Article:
Lobster Is Too Rich For Cuba's Communists

Small businesses reined in five years after government allowed them to flourish.

By , Special to The Christian Science Monitor

The houseflies still buzz about Mireya Galan's small dining room, but they no longer have any food to nibble or patrons to pester.

This month the restaurateur watched four years of cultivating a clientele and investing in home improvements go to waste. Nearly a dozen special police officers trooped into her house, slapped her with a stiff fine, and closed her 12-seat home restaurant, known as a paladar. The charge: illegally selling seafood.

Ms. Galan's paladar is one recent victim of the government's campaign to rein in its nascent experiment with capitalism.

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The clampdown affects 157 categories of trades, crafts, and services in which the government allows people to operate independently. But the squeeze on private enterprise, legalized in 1993 as a response to the devastation caused by the collapse of Cuba's benefactor, the Soviet Union, has steadily increased.

"We are part of a new class that has been able to earn money," Galan says. "The government doesn't like that. So they're putting us out of business."

Galan has returned to independently cutting hair to make a living. But running a private restaurant was a profitable venture. After costs, she says, she made about $500 a month, more than 50 times the average Cuban monthly income.

One day the government's weekly newspaper, Trabajadores, outlined beefed-up rules for self-employed workers, whose numbers have dropped to some 154,000 from more than 200,000 three years ago. The next day the police had Galan remove the Paladar Mireya sign in front of her simple house on Padre Pico Street.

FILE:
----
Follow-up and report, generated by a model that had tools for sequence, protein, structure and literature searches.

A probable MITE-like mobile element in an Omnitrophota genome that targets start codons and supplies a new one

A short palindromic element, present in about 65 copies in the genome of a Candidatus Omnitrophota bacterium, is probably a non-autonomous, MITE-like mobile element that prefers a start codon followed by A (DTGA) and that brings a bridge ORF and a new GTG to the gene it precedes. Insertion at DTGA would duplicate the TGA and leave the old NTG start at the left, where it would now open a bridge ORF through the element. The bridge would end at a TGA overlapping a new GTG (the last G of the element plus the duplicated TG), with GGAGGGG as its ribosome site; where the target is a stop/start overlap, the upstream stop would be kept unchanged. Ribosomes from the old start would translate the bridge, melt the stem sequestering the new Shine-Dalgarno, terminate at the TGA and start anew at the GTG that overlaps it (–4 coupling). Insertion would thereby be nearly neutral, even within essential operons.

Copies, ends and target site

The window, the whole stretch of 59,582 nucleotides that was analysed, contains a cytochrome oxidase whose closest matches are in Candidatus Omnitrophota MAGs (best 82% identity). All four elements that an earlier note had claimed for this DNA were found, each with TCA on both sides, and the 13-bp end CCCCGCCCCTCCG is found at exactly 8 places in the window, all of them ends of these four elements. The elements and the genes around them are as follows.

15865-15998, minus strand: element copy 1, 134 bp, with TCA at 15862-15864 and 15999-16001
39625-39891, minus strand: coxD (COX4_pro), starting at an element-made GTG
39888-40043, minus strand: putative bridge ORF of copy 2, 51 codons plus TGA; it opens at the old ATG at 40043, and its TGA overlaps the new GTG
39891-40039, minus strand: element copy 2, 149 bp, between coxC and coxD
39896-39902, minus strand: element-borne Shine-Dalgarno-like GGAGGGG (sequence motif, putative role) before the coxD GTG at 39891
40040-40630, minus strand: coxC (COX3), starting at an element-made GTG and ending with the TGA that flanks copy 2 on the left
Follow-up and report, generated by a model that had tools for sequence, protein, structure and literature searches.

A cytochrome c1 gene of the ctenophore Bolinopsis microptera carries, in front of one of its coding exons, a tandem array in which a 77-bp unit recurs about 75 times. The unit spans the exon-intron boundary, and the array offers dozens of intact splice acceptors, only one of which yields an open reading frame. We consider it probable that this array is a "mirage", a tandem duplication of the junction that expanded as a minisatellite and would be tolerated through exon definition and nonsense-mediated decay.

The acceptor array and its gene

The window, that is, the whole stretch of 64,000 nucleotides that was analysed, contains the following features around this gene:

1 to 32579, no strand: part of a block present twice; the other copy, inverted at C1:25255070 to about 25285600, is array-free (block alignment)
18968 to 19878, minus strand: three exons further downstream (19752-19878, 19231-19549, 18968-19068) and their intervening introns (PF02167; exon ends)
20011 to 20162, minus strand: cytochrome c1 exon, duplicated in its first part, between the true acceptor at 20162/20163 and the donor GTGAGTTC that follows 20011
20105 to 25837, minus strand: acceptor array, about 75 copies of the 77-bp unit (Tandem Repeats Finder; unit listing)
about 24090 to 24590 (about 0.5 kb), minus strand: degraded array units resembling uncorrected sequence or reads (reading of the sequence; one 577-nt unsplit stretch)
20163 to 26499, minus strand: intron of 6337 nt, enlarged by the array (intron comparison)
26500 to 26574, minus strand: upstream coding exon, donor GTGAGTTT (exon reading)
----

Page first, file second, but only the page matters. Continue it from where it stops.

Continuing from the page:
When Galan first opened her paladar in 1994, she had to pay the government 1,000 pesos (about $50) every month and abide by regulations such as limiting seating to 12 and not serving expensive foods like steak or seafood. By the time her business was shuttered, Galan's monthly payments to the government had increased dramatically. The new rules force private businesses that accept hard currency to pay the government all in US dollars - up from 75 percent - making it more difficult to serve peso-paying Cuban customers.

The new regulations go beyond converting pesos into dollars. Government labor officials will now question aspiring self-employed workers about how they intend to obtain the raw materials to practice their trade, and where they will get the tools and equipment to do so. Inspectors will refuse self-employment licenses to jobless, able workers if state employment is available in their region. The rules also prohibit self-employed workers, such as carpenters, upholsterers, and mattressmakers, from forming associations for "production and commercialization."

Inspectors often drop in on private enterprises to check the accounting books and make sure business isn't too brisk. But they do little to oversee the conditions of those in whose name the communist revolution was fought - the workers. There is no union for employees of private enterprises.

The government defends the new rules, arguing that a socialist state must be vigilant toward private enterprise so that state resources are not illegally diverted. Officials also claim taxes on self-employed workers are justified to offset their income advantage over state employees.

"They think we're millionaires," says Hilda Ballesta, whose paladar was closed in April because she couldn't provide inspectors with receipts for four sodas in her refrigerator. "With all the taxes, we were lucky to still make a profit."

Emilio de Los Angeles Hinojosa, a former laboratory administrator, now repairs shoes. He wasn't sure how the new regulations would affect him. But he was certain the government was moving to hamper the new independent sector.

"Socialism is the enemy of private business," he says. "But the government's actions are filled with contradictions. If we disappear, the people have nowhere else to go."

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